Morley, owned by CGNU, the biggest UK insurer, says it will expect to see a “comprehensive environmental report” from all FTSE 100 companies. For companies in the FTSE 250 which were in “high risk sectors” and did not publish a report, it would abstain.
Its high risk sectors cover most of industry, including oil and gas, electricity, chemicals, automobiles, construction, healthcare and pharmaceuticals.
Morley’s move on its own will not be enough to stop accounts being passed. Nor are companies obliged to add environmental reports.
However, Dr Craig MacKenzie of Friends Ivory & Sime says other fund managers are likely to follow suit. This is because of two developments last year.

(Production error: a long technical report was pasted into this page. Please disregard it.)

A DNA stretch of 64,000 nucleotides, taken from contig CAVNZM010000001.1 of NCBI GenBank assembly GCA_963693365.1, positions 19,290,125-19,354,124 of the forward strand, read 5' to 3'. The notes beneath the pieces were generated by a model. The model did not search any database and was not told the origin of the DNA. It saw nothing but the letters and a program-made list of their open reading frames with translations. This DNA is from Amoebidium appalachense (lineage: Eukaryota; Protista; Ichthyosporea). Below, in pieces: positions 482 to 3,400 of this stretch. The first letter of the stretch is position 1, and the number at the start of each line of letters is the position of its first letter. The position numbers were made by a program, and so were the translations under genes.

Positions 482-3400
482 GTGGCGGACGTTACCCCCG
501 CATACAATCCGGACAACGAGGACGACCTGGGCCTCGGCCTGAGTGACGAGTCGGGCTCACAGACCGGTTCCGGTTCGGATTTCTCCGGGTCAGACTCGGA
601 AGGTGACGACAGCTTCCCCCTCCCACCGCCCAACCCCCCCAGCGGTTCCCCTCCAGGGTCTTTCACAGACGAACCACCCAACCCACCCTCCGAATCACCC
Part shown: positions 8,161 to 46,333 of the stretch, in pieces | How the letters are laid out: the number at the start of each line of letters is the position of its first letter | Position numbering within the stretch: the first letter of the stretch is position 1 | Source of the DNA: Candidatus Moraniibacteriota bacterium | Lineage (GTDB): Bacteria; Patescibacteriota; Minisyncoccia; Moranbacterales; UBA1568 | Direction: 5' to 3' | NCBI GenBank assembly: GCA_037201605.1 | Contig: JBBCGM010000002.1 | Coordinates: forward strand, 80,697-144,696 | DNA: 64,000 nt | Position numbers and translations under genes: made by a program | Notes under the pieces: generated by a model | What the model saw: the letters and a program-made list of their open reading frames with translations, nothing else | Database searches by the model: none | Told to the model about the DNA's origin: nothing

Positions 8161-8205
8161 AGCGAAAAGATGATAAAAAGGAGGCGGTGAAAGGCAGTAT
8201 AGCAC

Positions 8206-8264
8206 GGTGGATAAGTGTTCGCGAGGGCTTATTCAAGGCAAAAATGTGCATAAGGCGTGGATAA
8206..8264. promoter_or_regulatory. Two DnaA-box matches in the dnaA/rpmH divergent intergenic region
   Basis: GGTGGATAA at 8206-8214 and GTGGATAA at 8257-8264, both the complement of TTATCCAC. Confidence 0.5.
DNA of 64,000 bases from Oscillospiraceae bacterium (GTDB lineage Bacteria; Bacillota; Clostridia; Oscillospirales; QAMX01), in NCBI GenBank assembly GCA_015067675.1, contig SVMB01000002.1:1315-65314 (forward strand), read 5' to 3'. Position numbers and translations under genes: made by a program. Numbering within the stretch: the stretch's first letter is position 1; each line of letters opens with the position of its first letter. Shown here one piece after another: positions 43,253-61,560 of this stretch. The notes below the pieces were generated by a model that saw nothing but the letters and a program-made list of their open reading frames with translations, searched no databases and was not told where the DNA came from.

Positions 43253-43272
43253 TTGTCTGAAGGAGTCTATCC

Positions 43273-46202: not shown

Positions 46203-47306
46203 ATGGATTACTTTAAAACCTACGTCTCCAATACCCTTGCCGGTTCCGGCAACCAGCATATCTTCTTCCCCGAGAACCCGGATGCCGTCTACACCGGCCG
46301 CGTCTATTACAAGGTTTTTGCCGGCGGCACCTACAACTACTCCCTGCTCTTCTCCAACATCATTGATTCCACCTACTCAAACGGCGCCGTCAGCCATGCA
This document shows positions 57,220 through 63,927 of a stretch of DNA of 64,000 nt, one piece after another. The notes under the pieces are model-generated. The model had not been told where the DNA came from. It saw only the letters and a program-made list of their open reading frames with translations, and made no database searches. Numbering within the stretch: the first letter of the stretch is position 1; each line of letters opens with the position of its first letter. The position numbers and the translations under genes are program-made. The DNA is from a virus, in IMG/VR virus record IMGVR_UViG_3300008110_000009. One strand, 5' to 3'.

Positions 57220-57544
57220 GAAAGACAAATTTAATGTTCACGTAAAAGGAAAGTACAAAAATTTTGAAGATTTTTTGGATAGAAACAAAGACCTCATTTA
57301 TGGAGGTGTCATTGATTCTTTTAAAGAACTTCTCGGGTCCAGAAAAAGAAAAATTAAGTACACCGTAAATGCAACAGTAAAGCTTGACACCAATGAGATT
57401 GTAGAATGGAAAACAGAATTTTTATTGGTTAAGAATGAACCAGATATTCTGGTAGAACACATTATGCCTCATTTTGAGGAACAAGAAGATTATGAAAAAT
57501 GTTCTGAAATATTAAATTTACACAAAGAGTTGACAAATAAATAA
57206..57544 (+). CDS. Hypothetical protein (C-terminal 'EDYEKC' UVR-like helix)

The first was the Turnbull committee, a successor to the Cadbury, Greenbury and Hampel corporate governance bodies. Turnbull introduced guidelines for risk management which extended to environmental risk.
Secondly, a new law has obliged pension funds to disclose in their annual reports whether they are taking into account environmental, social and ethical considerations when they make investments.
Pension funds in turn have put pressure on their fund managers to focus on these factors, not only by vetos at annual meetings but also by “engagement” with companies. According to research by Morley, of the top 100 companies, only 37 have published an environmental report although a further 21 said they planned to do so.
Ethical issues have been in the spotlight because of Huntingdon Life Sciences, Britain’s longest-established drug testing company. It was rescued from bankruptcy this year by a US backer but its share price has tumbled because of violent action by animal rights protesters.
FTSE, which produces the FTSE 100 index and is jointly owned by the Financial Times and the Stock Exchange, is consulting investors and companies on ethical issues.